Walter Sisulu University closes 3 campuses amid 'violent' student protests

2018-03-09 22:44
Walter Sisulu University protest (File, News24 user)

Walter Sisulu University protest (File, News24 user)

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East London – The Walter Sisulu University (WSU) in the Eastern Cape shut down two more of its campuses on Friday due to violent student protests over an accommodation shortage.

University management resolved to close the Butterworth and Buffalo City campuses indefinitely following the outbreak of violent protests that damaged property and put lives at risk, said university spokesperson Yonela Tukwayo.

She said the decision followed vice-chancellor Rob Midgley's decision to close the Nelson Mandela Drive campus in Mthatha with immediate effect on Thursday.

Only one of the institution's four campuses remains open.

She said the "rampage" at the Mthatha campus was "boisterous and irrepressible", which left Midgley with no choice but to stop all administrative, teaching and learning activities in order to protect the university's assets and "above all, lives which includes the students' lives".

"It saddens us to close the campus because the dire financial situation of many of our students does not allow them to travel back home. But we cannot keep them on campus because their safety is not guaranteed. We also know that there are many students who do not support the violent nature of the current protests," she said.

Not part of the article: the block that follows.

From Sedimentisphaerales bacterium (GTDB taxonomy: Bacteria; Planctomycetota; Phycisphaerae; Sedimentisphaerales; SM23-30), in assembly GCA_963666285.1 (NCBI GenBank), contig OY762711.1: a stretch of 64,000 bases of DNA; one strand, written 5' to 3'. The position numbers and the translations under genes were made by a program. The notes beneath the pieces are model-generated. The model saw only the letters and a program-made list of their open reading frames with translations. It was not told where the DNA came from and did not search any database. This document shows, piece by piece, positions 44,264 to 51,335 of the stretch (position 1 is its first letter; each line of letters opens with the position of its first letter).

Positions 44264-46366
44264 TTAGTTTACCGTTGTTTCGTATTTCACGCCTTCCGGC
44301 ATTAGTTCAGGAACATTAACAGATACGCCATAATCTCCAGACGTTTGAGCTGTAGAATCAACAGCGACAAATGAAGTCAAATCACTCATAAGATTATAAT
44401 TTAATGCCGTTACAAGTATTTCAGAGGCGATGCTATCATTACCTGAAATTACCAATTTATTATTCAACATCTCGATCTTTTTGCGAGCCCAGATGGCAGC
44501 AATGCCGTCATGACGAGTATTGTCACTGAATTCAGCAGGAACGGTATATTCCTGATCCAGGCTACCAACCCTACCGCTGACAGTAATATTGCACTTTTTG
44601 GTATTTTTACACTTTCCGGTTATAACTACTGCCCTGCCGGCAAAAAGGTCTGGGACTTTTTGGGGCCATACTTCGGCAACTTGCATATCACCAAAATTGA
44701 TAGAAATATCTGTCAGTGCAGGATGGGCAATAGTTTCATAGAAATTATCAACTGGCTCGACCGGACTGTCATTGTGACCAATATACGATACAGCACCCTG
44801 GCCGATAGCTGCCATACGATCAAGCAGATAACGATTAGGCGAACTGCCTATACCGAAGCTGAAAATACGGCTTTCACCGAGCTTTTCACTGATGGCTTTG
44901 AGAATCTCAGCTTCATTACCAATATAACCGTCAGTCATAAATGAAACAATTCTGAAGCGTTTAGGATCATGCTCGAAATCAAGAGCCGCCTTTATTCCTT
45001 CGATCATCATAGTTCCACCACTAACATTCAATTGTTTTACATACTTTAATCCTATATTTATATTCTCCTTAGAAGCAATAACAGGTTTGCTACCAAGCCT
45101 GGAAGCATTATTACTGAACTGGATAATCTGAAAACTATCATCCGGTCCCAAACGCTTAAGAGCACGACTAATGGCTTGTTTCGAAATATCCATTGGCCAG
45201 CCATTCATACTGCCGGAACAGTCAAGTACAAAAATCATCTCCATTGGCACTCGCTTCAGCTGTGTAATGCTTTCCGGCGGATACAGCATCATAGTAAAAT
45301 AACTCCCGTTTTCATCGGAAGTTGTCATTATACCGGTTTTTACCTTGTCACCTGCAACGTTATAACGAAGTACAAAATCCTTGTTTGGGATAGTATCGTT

Ongoing discussions between management, student leaders

Tukwayo said the institution strongly condemned the torching of vehicles and vandalism of university and private property.

Protesters at the Butterworth and Buffalo City campuses took their demonstration to public roads, threatening lives, alleged Tukwayo.

"Both campuses' students cited unhappiness around accommodation and general infrastructure development, and this has led to them resolving to shut down these campuses by chasing staff from offices and stopping academic operations," she said in a statement earlier on Friday.

She told News24 on Friday evening that it was still unclear when the academic programme would resume at the affected campuses.

Tukwayo said in addition to the online room allocation of student accommodation, students also complained about the institutional G7 rule (academic exclusion of non-performing students) which appears in the university's prospectus.

She said the rule was a decision of the university's senate.

Students and staff had been requested to leave the three campuses while management continued to engage the student leadership in the hope of finding "an amicable solution to the ongoing conflict in order to bring normality, reopen the campuses for academic progression".

Read more on:    walter sisulu university  |  east london  |  education

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